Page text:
It’s 8:40 pm. I’m sitting in my bed, thinking of what to write about gender that hasn’t already been said a thousand times. There are seemingly limitless swords to take up, countless ambitious think pieces to type and send into the ether. Feminism is a huge topic, but it can basically be boiled down to this: women are people, too. And people are complicated and individual and inextricably tied with history.
This seems so simple but really, really isn’t. We seem to need near-constant reminders. So: in lieu of an argument, the following is a list of thoughts and experiences from my unexceptional complicated girl life.
The best part of growing up out of girlhood is realizing that all the toxic bullshit my past self believed was, indeed, bullshit. There’s no magic combination of personality traits that’s going to make men respect you. You’re not a chewed-up piece of gum or chocolate because you had sex. Talking and laughing with a friend about these things feels like breathing.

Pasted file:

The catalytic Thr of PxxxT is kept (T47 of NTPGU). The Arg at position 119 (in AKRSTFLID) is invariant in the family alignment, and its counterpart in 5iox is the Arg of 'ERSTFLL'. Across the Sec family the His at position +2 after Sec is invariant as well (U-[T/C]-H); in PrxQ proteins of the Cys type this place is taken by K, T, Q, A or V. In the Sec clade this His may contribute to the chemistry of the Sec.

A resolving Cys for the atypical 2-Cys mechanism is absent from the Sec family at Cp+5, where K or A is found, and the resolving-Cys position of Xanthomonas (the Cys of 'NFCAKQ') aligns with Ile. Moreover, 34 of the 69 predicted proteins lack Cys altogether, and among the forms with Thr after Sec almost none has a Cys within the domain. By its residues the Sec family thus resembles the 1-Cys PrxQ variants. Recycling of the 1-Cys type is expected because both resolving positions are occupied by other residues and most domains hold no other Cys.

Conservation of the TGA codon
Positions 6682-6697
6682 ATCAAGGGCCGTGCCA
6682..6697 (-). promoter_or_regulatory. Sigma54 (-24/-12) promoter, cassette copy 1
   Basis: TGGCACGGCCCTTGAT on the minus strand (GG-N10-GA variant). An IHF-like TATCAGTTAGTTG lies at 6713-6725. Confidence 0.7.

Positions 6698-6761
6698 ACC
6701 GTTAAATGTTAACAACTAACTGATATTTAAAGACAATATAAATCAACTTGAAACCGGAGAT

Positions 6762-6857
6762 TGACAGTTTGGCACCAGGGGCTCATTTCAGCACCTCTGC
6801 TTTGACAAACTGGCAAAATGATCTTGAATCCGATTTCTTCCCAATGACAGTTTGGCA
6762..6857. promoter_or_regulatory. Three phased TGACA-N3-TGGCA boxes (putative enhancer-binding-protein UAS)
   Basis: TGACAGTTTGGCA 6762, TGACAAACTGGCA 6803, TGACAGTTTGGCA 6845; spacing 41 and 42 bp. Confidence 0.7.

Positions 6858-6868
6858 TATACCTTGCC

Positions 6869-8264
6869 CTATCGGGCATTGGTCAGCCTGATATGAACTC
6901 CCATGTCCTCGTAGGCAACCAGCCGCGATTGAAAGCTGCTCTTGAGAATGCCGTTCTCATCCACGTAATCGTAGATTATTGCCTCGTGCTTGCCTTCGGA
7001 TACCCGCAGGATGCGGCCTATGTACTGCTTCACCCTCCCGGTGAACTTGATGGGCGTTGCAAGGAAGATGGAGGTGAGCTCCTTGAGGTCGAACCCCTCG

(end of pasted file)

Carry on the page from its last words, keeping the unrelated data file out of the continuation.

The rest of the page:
It is statistically unremarkable that I had an eating disorder as a teenager. That fact is alarming.
I still don’t know what it means for my feminism that I harbor a deep, undying love for The Weeknd. Maybe I don’t need to.
I don’t know how to feel about makeup. I just wear it when I want to and don’t when I don’t. I’ve begun to let slide other probably sexist, but low-stakes issues in the same way. In the end, having a verdict on Kim Kardashian as feminist icon just isn’t worth the think piece burnout.
A feminist mad lib: I’m simultaneously accustomed to and incensed by (insert bullshit here).
Last week at my waitressing job, a drunk dude sloshed some beer onto my shirt, looked me straight in the eye, and said, “Tonight I’m fucking you.” Honestly, I was less offended by the language than by the presumption.
I can no longer count on two hands the women in my life who have experienced sexual assault. Their stories have born a living grief in me. It is heavy, dark and fierce, with sharp teeth.
It is impossible to understand the nature of girl friendship without understanding that grief. Coherent sentences fail me here, but a few words come to mind: rivers, a fireplace, Sunday morning.
The truest moment of liberation: putting an end to trying to prove myself. Realizing my existence was always evidence enough.